THIS IS A VISUAL FIELD!
Emotions are the aesthetic glue of the work.
All good art is based on a truth;
it is about working towards an unknown.
The Intellects Are Wrong.
Stop Thinking and Start Feeling!
Trust the intuitive voice.
Sounds easy, but it’s not. Why do you think so few artists work in this manner?
When creating pictorial or sculptural objects, it is risky to trust the intuitive nature of emotions and the intellectual information that comes from observation.
For me, the only way to overcome this risk is in the language of abstraction.
The process of abstraction is one of spontaneity, flexibility, and trusting the intuitive nature of the act. Also inherent is an emotional reaction and metaphorical reckoning on the part of the viewer. All of this helps to create a new visual language in which to address the issues behind the visual statement.
The issues behind my work are personal and autobiographical. I work with these issues because they are my attempt to find my own true identity in a divisive social structure. Maybe in a way I am trying to find a momentary calm while existing in a society that is full of hostility and hatred.
These works are about extremes, how they need each other to define each other, and the tension that is created when opposites are thrust together. The compositions—sometimes simple, other times complex—aid in the process of building these works. As the work progresses it evolves. Sometimes black and white is dominant and other times, color, much as life is not always—if ever—on an even plain.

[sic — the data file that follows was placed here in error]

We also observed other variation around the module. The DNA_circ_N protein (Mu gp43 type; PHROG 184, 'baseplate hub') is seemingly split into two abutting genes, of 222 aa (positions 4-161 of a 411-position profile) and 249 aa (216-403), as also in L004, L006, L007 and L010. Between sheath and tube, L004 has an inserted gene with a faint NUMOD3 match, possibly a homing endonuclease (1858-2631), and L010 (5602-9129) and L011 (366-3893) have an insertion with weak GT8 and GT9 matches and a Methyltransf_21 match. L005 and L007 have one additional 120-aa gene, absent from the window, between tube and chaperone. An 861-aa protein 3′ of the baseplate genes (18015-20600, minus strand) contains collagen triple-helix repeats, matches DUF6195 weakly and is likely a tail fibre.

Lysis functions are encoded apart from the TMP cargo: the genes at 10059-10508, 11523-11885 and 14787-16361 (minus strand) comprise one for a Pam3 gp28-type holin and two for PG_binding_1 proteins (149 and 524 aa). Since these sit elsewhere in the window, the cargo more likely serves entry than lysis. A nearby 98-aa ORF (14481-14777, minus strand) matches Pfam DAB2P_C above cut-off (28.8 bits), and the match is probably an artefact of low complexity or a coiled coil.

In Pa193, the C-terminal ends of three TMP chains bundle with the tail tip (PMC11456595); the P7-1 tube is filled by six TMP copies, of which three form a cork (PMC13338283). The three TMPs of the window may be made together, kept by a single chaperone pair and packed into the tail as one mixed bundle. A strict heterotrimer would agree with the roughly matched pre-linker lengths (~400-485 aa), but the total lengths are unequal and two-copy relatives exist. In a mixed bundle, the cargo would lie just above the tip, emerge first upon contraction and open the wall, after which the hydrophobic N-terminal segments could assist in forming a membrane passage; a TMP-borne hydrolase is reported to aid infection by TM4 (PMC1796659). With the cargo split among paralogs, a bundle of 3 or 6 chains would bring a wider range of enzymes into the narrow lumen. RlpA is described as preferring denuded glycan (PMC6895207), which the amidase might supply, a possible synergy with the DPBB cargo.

The black and white tends to be the backbone of each piece. It is about the constant struggle of good and bad, life and death, control, rigidity, and—sometimes—sick humor.
The color is entirely about emotions. They are something we all have, yet many people avoid them. If one does not trust them, they can have a profoundly negative effect. To embrace them leads to a positive integration into one’s self, and a healthy way of expressing them. No matter what one does, they will always be there.
I concentrate on the history of the process so that it silently complicates the depth of the object. By juxtaposing complicated geometric patterns with freehand shapes and line, works are created that stimulate, disturb, and distill feeling. The viewer, through a metaphorical language, must attempt to resolve this tension and find the truth in these works.
These pieces are about looking for emotional truth in a post-modern world. I constantly ask myself, “Where do I fit in? Am I legitimate?” I ask the same of these pieces. Where do they fit in? Are they painting, sculpture or mixed media? I leave it to each viewer to answer the question.
— William H. Thielen